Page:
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Panicum is a genus of ornamental grasses that thrive in temperate zones throughout the world. Also known as switchgrass or witchgrass, these ornamentals often grow in large clumps that spread to cover a large area. Many varieties are highly desired along coastal regions, as they can tolerate a high level of salt in the air and water.
Within the genus, there are a wide range of varieties. Typically, members of the Panicum genus consist of clumps containing tall grasses, which can usually reach heights of up to 4 feet (about 1.2 m), depending on the species. The width of the blades of grass also vary, and the individual grasses can be flat and spear-shaped or have a rolled appearance to the edges. Many varieties can withstand cold temperatures down to -40°F (about -37°C). When trimmed back to nearly ground level, most species will be able to survive cold winters to return again in the spring.
Tips of the grasses often sport colorful flowers in the form of anthers that sprout from the tops and produce seeds. In the autumn months, many varieties of Panicum change color. Most are shades of reddish green in the summer months, with some cultivars, such as the Rotstrahlbusch, remaining distinctly reddish all summer long. Cultivars, such as the Heavy Metal, turn yellow and red in the fall, while the Haense Herms changes to pink and red. Others, like the Prairie Sky, are a gray-green year-round.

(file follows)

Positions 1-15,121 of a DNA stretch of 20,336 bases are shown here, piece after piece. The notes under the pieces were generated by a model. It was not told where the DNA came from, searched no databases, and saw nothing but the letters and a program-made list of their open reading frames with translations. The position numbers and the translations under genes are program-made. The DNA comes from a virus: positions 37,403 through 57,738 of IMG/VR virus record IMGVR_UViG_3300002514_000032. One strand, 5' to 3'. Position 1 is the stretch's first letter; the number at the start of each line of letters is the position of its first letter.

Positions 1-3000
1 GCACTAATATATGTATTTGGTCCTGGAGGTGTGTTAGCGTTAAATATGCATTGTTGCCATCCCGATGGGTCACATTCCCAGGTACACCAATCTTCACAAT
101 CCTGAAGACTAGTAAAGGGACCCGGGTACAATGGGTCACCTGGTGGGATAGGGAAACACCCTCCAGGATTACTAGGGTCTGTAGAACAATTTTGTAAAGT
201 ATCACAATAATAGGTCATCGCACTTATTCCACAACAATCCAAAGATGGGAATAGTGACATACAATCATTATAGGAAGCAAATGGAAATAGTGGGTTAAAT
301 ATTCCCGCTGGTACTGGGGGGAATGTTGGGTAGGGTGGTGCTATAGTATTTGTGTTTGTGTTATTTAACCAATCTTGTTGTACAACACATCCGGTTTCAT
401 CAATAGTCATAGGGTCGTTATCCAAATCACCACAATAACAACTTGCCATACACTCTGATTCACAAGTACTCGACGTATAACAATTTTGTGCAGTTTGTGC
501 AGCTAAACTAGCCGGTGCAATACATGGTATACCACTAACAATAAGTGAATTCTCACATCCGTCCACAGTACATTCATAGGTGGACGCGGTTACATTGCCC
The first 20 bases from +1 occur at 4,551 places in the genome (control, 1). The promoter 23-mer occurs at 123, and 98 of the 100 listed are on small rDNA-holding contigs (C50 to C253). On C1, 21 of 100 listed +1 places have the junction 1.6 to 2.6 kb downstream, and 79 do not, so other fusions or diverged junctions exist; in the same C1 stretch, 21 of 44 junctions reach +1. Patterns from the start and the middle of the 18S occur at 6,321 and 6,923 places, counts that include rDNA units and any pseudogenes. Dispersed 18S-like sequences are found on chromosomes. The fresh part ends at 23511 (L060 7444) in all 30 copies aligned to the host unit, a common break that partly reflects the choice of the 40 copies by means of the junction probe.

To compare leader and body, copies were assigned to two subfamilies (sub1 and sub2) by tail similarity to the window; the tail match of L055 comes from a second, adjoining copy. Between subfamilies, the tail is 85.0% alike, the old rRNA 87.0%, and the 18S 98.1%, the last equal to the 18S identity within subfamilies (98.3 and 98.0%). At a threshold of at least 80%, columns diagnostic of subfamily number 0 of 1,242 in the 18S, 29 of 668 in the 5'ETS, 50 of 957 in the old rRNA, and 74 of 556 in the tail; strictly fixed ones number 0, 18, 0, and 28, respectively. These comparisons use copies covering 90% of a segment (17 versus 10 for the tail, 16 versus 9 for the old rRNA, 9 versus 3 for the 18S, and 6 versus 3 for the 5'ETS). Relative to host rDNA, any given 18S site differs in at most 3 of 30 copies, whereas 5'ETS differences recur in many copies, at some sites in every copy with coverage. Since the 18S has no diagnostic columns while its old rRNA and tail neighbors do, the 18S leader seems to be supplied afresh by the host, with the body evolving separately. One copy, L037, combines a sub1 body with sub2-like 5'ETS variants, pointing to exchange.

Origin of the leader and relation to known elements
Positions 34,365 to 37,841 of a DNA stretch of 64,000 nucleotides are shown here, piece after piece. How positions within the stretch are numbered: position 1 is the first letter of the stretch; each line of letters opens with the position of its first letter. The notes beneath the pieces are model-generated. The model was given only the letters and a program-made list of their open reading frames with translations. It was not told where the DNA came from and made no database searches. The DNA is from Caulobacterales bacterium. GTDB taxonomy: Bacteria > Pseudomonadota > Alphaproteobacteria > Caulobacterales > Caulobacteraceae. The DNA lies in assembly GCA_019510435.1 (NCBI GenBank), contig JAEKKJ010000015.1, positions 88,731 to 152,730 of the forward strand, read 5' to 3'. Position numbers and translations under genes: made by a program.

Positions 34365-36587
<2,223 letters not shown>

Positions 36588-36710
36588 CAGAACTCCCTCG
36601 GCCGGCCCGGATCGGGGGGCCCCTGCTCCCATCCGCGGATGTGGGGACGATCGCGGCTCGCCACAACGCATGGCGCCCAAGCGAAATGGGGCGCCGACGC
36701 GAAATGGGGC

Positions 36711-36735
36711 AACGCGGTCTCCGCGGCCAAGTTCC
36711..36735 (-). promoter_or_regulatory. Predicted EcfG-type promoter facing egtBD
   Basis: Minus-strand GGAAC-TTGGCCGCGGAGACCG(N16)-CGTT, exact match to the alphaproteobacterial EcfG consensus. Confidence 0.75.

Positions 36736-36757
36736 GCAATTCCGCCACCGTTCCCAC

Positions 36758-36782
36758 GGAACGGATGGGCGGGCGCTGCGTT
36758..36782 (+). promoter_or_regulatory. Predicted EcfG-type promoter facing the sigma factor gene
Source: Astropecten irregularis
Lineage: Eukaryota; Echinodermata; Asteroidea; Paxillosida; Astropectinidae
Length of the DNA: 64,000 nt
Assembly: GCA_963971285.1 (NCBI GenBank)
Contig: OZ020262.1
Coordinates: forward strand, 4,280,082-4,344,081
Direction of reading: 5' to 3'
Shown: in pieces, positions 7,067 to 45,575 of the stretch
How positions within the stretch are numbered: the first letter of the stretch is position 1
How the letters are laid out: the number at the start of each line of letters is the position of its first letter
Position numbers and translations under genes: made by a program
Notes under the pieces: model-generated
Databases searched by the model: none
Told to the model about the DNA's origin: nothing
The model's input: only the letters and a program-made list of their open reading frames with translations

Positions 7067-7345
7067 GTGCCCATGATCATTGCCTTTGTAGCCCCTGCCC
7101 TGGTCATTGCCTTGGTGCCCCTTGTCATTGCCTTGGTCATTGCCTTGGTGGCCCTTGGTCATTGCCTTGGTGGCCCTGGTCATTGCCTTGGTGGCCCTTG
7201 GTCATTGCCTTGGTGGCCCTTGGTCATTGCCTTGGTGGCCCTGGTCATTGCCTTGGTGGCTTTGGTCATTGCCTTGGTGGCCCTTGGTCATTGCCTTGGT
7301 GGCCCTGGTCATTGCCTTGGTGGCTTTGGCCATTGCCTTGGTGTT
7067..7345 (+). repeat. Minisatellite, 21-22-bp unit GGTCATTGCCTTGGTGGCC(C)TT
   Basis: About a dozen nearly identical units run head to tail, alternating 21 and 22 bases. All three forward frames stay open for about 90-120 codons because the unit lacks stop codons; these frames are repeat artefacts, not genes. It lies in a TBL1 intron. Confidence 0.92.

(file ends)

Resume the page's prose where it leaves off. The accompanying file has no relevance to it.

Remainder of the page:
Clumps of Panicum can spread, but some types are less likely to take over an area. This quality makes them popular plants for covering a large amount of space, and their clumping growth pattern makes them ideal for forming natural fences and borders. Aside from being an ornamental grass, members of this genus also have a number of practical applications. Panicum can provide food for grazing animals such as sheep and cows, but can be grazed back quickly. As the genus is tolerant of sandy soils and salt content, it can be used along coastlines in order to help prevent erosion and stabilize beaches.
Panicum is unique in the care that can be given in order to allow the grasses to reach full potential. Every few years, it is recommended that grasses be burned back in a controlled fire. When this is done before the main growing season, grasses will grow back thicker and stronger than before. Many varieties produce rhizomes underground, and these structures allow them to not only survive fires, but to thrive in the aftermath.